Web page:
Much has been made of the turbulence that has reigned in President Trump’s White House during the twister that’s been the first six months of his tenure. Despite Mr. Trump’s frequent protestations to the contrary via early morning Twitter missives, the evidence for the discord and disunity that rankles the ranks of the executive branch is everywhere, not least in the personnel upheavals that have peaked in recent weeks.
Of course, none of the hijinks that have ensued have come as much of a surprise to anyone who paid attention to the election campaign, which Mr. Trump conducted in much the same manner, burning through campaign managers, never minding the minders, and generally careening from crisis to crisis, often self-inflicted and then needlessly prolonged.
Still, while the president insists that all is well with the “fine-tuned machine” he has unleashed in the executive mansion, the whispers that he is swiftly becoming irrelevant on Capitol Hill and even within his own cabinet have been getting louder, and Mr. Trump has decided that it’s time for changing pace and saving face.
Enter John Kelly. Last week’s retired four-star Marine Corps general, yesterday’s U.S. secretary of homeland security, and today’s White House chief of staff, he has been summoned to bring Trump’s promise of a “law and order” administration to the administration, to put the leakers, backbiters, benchwarmers and self-defeaters in their place — even if that includes the president himself.
And after nary a week and a half, the reviews are starting to pour in, or rather — as per White House custom — out. The Washington journalists of choice that the leak-decriers love to leak to will have us know that the White House culture has been transformed. The patchy scarecrow Scaramucci has been dispatched posthaste to eat crow; the Oval Office is no longer open for traffic to anyone in the vicinity with a grievance to air or a contrivance to share; the cast of competing characters who yanked the president to, fro and around are all to dutifully report now to their superior through the man who guards the anterior; and the president himself might even start putting the “president” in “presidential.”
But enough of that. Let’s put aside the question of whether the pundits’ unsettling law that every action undertaken to rein Trump in ultimately ends in an opposite reaction is settled science, or if anyone can ever really be empowered to take the president’s favorite shows and unkickable tweeting habit away, or whether Kelly’s tenure will last weeks or months before Trump starts nicknaming him “beleaguered.”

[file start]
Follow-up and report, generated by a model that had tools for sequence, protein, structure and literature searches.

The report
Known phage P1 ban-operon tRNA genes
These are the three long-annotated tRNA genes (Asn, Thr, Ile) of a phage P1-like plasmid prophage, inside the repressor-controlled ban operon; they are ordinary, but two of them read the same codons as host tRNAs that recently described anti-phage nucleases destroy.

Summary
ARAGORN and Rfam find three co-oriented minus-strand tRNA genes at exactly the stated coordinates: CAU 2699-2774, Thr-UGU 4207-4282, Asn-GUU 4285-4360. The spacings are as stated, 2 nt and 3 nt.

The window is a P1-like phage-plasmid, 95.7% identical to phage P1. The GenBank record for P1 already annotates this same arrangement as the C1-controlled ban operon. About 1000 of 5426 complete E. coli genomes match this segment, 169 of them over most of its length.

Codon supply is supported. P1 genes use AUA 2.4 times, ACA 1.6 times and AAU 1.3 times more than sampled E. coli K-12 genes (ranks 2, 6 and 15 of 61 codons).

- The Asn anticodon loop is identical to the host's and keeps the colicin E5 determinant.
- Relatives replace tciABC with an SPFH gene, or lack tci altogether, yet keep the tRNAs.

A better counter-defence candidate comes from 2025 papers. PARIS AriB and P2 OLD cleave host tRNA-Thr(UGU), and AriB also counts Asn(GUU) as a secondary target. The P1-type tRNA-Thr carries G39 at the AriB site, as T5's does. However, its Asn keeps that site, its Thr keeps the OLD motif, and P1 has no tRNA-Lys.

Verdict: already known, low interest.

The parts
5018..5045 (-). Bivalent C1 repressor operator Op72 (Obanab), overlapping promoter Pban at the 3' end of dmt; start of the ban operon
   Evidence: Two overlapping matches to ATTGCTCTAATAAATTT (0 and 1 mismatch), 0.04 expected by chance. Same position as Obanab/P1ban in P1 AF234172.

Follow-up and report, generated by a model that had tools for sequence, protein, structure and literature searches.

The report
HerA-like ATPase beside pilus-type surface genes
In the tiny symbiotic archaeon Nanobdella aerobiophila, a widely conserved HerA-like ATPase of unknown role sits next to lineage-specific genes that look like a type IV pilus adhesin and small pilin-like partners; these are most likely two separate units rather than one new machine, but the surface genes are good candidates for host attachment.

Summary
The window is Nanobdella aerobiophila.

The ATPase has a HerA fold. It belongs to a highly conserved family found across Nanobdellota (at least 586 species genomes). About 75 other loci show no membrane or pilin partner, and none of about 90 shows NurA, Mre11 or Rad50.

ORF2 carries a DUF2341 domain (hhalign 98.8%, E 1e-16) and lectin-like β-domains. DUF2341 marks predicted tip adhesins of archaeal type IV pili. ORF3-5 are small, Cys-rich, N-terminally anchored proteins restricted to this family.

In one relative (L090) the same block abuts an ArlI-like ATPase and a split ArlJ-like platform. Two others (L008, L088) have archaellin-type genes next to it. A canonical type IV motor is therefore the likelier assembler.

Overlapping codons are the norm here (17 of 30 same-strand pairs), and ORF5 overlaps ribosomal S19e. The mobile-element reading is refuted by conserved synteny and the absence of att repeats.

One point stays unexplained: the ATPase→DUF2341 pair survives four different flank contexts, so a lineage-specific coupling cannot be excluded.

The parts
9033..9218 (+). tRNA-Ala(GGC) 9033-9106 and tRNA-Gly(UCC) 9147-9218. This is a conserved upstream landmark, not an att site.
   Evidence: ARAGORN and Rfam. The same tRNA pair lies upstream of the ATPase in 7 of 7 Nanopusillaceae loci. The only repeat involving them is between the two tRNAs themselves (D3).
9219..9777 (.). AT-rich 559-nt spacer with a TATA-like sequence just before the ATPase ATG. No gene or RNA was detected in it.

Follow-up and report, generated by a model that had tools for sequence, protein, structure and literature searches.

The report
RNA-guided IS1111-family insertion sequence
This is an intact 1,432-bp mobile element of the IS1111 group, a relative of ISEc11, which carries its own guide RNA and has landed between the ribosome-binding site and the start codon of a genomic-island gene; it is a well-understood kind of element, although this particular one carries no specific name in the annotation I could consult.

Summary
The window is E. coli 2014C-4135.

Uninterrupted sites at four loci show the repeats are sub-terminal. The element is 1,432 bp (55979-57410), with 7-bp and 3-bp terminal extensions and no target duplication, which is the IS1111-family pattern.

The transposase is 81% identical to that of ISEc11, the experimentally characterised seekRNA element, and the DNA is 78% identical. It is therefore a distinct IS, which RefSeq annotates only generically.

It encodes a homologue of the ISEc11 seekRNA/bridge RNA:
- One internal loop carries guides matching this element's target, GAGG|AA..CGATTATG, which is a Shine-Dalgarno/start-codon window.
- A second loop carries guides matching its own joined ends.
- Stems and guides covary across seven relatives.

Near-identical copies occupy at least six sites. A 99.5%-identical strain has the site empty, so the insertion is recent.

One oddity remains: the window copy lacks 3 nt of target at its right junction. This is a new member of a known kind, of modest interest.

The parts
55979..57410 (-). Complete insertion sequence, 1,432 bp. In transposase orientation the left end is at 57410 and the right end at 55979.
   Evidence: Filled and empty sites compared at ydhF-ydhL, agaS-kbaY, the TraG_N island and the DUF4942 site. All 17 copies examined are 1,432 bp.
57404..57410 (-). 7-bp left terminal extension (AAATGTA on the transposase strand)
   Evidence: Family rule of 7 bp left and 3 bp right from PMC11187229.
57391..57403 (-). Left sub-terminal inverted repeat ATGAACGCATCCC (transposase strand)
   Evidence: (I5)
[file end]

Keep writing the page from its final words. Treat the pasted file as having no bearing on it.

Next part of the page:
The possibly more intriguing question is: What does Kelly’s appointment bode for the future in terms of White House policy? Mr. Trump’s political opinions over the years have been a mishmash of miscellaneous and often diametrically unsquarable sentiments and urges, before they were forged in the heat of the 2016 campaign into the hardened mold of Steve Bannon. Yet the White House has still been riven by the rivalry between the Flynn-Bannon-Gorka “alt-right” troika and the more conventional McMaster-Tillerson-Mattis conclave. What role might Kelly play in this fitful drama, and what plot twists might there be on the way to the denouement? Is Kelly simply here to lay down the law, or will he be taking the White House in a new direction?
McMaster and Co. belong to the much-ballyhooed Washington establishment; that’s a dog whistle used to describe individuals with a professional background who came by their stripes the old-fashioned way — by studying and working hard until they rose in the ranks to prominence by dint of their accomplishments. They tend to subscribe to traditional American notions of how to leverage our military muscle and diplomatic deftness in the service of the balance that we seek between global participation and national security. Those ideas don’t always fit well in the space of a tweet, but then maybe it’s tweets that don’t fit well in the space of ideas. Of course, there is a legitimate spectrum of opinion among the folks who do governing for a living, and their respective successes and failures dot the historical landscape and remain the subject of further study and explication.
Bannon and his band, by contrast, believe that America’s national interests are being held captive in the hands of said establishment whom they’ve branded “globalists” (an epithet with undertones that might be disturbing to some), and are harnessing the power of tweets and hashtags (and maybe a tiny amount of help from some Eastern Europeans along the way) to take their country back from its insidious interlopers. And if the professionals across the political spectrum push back, well, that’s just further evidence that the “deep state” will stop at nothing to do their jobs.
Enter President Trump, who discovered that these ideas do, in fact, fit well in tweets as well as in punchy campaign speeches delivered to those who feel disenfranchised and angry at the world. Kelly, by contrast, while supportive of certain policies like tightening immigration enforcement, still seems firmly a part of the generals’ camp, referred to by some as “the adults in the administration,” and finds himself in his new surroundings less due to sharing a kindred spirit with Trump and more as a result of a soldier’s duty to do what he can for his country.
As for President Trump, he does not appear entirely sold on the ideas that he rode to electoral victory. He seems animated by, more than anything else, the desire for “winning,” whatever the means it may come by. And if Bannon proves good for winning over working whites in Wisconsin but not the wet blankets in Washington D.C., he won’t hesitate to sideline him and bring in generals that have “winning” in their résumé. And if Kelly happens to side with McMaster (as the recent purges in the National Security Council suggest), then so be it. For a maximum of six months, that is.